This leads to people’s anger being aimed at the democratic system itself, with surveys showing that disengagement with democracy – as measured by benchmarks such as voter turnout or membership of political parties – is still on the rise.
This should be a cause of huge concern for everyone who believes in a fair, free society – or a society that is as fair and free as possible – because democracy has been proven time and again to be far and away the freest political system that exists. It is far from the solution to all social problems, but it is best place to start solving the ones that can be solved. Any criticism levelled against our system can be levelled ten-fold against undemocratic systems, from abuse of power by politicians to corporate influence. Churchill was right when he said democracy is “the worst form of government, except all those other forms that have been tried from time to time.”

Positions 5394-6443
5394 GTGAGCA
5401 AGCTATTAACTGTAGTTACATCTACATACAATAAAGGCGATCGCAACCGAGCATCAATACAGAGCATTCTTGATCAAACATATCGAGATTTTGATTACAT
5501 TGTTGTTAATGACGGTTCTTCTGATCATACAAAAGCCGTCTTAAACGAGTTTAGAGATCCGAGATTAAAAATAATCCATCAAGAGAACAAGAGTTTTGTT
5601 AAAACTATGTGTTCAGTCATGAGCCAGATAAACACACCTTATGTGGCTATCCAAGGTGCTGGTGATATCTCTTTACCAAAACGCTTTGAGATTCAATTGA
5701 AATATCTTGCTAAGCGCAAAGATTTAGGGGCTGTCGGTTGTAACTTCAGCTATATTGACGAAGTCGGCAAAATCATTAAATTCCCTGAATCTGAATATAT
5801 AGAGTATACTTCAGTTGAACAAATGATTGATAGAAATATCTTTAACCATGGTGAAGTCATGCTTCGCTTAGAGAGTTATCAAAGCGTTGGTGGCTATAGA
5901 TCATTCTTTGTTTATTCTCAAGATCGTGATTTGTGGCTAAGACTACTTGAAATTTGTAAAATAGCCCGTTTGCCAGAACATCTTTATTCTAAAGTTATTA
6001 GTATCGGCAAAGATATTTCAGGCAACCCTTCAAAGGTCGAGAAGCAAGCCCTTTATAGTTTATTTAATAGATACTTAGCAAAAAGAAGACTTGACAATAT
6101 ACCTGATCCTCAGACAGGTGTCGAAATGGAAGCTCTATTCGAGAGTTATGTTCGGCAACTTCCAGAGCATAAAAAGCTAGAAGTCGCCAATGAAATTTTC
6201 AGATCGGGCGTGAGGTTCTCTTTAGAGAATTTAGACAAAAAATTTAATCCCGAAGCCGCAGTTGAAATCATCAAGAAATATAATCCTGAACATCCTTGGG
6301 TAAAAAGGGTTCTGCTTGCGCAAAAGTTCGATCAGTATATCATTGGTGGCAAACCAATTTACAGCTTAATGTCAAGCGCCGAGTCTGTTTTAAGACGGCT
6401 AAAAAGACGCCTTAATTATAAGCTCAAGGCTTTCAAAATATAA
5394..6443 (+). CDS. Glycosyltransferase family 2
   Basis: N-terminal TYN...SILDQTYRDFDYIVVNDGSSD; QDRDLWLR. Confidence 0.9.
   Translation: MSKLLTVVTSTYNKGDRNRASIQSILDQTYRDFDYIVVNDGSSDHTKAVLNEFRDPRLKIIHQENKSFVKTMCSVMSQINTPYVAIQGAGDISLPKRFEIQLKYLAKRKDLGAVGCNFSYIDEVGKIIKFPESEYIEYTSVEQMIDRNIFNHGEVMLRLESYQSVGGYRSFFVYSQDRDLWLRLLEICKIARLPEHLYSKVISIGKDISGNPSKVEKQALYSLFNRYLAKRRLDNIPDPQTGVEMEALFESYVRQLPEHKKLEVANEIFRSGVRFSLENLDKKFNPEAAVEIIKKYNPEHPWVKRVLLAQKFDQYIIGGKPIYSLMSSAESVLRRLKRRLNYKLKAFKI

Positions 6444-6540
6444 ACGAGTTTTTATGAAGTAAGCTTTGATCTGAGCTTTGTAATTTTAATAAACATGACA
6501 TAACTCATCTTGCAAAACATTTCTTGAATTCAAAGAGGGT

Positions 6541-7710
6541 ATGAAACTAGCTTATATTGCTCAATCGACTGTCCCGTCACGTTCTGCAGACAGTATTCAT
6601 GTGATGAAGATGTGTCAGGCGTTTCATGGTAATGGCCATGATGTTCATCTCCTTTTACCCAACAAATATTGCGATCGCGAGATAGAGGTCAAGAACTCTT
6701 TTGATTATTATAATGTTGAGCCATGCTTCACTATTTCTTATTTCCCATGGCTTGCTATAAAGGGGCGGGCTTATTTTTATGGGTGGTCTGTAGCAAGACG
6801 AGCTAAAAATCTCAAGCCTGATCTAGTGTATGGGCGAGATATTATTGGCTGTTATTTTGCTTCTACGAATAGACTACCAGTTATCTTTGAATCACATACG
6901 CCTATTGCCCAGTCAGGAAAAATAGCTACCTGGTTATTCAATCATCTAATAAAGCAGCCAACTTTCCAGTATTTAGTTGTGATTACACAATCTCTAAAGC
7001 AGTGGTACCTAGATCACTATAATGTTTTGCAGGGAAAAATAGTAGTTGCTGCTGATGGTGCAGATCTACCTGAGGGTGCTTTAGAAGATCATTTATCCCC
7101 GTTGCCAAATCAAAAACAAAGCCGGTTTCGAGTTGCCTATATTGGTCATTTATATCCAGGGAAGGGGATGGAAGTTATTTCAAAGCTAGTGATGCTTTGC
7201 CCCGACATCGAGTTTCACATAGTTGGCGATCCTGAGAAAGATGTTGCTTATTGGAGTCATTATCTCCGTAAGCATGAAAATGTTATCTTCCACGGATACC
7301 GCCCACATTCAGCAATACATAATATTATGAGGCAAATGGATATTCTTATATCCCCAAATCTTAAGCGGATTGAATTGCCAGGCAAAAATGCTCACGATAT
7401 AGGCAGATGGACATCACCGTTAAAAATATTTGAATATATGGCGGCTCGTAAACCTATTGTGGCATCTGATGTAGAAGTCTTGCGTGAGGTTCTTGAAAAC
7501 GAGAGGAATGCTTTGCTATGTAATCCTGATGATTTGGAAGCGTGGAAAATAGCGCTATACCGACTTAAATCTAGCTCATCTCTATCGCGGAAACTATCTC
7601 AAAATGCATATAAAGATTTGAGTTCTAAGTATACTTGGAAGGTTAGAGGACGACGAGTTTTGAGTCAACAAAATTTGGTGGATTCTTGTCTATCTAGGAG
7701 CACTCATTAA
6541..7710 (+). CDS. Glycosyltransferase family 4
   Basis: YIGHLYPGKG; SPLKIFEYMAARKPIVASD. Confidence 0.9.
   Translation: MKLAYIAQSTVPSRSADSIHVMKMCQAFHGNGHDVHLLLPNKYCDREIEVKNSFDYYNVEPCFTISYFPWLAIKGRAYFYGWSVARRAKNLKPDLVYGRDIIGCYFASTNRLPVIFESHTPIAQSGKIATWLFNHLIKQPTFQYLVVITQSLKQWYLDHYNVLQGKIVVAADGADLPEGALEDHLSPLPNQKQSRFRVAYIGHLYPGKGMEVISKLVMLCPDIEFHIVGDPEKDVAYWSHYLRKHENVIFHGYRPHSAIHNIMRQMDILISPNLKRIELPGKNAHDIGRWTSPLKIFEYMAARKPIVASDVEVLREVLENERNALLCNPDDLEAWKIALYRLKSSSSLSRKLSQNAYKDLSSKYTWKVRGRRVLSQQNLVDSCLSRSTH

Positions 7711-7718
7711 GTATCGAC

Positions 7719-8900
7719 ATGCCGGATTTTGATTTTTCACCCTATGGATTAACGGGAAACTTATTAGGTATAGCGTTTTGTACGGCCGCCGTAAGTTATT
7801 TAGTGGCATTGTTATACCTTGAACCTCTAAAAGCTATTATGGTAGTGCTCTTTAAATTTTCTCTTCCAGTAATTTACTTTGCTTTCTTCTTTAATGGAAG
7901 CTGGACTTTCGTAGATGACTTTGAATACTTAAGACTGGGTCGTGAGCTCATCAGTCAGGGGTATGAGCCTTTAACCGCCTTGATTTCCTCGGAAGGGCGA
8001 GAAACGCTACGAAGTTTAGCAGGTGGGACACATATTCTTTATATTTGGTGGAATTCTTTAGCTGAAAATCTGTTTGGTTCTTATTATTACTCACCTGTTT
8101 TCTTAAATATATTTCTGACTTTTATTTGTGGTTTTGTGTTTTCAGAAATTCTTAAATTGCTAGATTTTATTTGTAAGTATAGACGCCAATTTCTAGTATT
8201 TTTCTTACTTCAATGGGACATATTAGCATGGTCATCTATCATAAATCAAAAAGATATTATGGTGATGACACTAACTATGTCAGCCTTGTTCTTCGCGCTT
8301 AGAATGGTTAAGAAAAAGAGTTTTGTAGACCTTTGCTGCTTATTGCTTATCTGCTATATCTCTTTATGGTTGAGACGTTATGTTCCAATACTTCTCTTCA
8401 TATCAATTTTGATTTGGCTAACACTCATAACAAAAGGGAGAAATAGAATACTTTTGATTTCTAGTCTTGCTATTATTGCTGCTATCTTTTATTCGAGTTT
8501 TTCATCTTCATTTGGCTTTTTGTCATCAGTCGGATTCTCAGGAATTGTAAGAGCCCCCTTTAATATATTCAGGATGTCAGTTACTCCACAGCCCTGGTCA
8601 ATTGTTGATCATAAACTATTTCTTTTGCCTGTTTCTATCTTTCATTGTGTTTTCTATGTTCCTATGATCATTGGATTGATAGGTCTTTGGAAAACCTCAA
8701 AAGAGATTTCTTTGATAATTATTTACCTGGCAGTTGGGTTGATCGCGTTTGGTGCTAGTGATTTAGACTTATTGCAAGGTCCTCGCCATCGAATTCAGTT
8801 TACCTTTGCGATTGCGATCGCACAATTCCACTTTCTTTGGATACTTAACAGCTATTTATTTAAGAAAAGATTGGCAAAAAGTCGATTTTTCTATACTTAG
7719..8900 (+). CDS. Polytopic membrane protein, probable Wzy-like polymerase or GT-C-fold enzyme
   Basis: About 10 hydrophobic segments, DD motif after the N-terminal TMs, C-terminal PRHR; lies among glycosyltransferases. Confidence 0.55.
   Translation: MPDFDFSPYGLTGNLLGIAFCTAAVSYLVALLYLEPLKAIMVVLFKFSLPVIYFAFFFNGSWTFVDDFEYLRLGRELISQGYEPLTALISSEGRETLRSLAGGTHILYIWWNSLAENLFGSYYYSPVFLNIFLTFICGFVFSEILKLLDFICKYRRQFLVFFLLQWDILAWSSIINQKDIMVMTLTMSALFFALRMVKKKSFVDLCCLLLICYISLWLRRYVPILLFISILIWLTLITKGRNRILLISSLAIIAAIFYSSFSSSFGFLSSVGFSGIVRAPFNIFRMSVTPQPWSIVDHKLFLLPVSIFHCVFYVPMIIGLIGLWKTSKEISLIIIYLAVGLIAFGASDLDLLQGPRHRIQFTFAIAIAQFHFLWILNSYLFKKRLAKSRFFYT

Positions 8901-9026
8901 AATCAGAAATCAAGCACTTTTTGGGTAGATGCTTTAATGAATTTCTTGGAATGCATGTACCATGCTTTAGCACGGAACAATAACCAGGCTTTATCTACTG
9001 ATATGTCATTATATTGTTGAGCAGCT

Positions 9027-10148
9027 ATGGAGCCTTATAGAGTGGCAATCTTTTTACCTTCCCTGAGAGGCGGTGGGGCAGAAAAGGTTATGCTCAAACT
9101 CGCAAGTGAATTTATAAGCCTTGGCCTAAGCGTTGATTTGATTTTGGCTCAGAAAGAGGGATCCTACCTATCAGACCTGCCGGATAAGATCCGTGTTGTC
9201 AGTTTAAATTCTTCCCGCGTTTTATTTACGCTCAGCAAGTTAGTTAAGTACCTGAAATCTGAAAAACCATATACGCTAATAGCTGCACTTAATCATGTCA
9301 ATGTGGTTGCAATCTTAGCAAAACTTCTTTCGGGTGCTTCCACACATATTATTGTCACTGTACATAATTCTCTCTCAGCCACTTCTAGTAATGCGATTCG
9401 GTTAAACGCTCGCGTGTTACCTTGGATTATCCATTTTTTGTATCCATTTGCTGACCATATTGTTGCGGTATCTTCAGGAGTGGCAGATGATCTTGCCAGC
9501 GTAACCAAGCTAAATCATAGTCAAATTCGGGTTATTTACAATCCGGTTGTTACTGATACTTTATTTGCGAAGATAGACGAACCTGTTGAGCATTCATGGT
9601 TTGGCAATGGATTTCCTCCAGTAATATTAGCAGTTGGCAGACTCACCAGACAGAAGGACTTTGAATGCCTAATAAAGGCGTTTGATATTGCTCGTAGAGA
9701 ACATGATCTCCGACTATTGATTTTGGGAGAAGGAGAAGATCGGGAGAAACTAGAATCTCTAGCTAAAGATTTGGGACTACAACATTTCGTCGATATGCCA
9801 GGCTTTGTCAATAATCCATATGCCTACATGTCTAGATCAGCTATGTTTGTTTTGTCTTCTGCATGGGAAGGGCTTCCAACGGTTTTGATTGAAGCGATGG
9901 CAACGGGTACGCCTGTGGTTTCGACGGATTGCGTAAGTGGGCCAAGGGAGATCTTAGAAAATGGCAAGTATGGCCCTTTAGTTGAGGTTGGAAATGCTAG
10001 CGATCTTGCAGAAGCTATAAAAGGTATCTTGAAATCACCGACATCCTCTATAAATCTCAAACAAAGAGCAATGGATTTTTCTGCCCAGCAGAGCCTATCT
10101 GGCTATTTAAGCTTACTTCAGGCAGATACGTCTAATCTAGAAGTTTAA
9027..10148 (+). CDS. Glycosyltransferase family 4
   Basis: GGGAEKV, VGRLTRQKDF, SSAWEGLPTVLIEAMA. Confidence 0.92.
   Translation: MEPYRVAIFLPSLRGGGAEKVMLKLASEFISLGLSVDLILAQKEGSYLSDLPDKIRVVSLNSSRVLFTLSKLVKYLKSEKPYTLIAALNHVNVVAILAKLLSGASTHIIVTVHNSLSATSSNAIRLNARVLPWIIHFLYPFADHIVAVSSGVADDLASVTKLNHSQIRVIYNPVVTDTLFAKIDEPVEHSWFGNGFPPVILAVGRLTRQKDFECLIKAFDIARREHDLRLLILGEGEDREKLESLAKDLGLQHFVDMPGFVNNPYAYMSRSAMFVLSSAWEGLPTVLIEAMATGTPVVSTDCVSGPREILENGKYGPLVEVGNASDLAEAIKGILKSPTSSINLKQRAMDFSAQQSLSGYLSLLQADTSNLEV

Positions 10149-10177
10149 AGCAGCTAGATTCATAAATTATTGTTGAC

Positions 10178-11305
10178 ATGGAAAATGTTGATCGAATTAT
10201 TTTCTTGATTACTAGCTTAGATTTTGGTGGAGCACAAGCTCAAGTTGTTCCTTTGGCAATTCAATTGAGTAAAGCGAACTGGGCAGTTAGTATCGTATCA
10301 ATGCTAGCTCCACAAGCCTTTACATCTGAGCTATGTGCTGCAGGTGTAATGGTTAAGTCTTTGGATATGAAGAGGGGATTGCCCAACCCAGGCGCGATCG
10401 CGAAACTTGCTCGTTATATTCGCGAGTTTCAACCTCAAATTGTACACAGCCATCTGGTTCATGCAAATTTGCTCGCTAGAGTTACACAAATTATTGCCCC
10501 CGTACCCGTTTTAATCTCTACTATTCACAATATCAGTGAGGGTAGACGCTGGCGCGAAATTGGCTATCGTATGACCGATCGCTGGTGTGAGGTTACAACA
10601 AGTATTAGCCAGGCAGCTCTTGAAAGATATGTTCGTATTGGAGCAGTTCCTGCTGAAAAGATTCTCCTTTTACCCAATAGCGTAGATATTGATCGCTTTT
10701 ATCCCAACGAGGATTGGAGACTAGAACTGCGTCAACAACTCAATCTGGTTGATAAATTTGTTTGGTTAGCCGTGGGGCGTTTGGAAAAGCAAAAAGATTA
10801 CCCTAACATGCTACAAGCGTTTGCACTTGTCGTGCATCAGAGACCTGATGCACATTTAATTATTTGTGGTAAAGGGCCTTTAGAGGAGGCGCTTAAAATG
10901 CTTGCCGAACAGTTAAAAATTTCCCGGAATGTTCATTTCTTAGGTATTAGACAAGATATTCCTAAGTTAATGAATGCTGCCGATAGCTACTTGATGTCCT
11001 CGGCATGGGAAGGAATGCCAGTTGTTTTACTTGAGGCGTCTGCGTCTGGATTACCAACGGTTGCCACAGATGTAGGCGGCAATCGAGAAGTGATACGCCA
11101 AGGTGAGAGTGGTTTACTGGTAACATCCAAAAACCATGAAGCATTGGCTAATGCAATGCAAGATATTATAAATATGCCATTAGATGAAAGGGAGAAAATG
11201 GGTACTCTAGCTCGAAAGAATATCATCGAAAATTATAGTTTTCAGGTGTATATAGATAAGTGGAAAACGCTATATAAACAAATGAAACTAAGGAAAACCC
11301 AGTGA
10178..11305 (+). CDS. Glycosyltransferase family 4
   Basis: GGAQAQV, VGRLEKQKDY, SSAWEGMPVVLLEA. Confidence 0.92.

It follows that the best course of action is not to attack our system, but to appreciate its best parts, and try to improve the parts that are not so good, in as positive a way as possible.
To break the negative spiral of low esteem for politicians and low esteem for the system, the only answer is for individuals to feel they are a bigger part of the system, by taking their own active steps to become more engaged with it.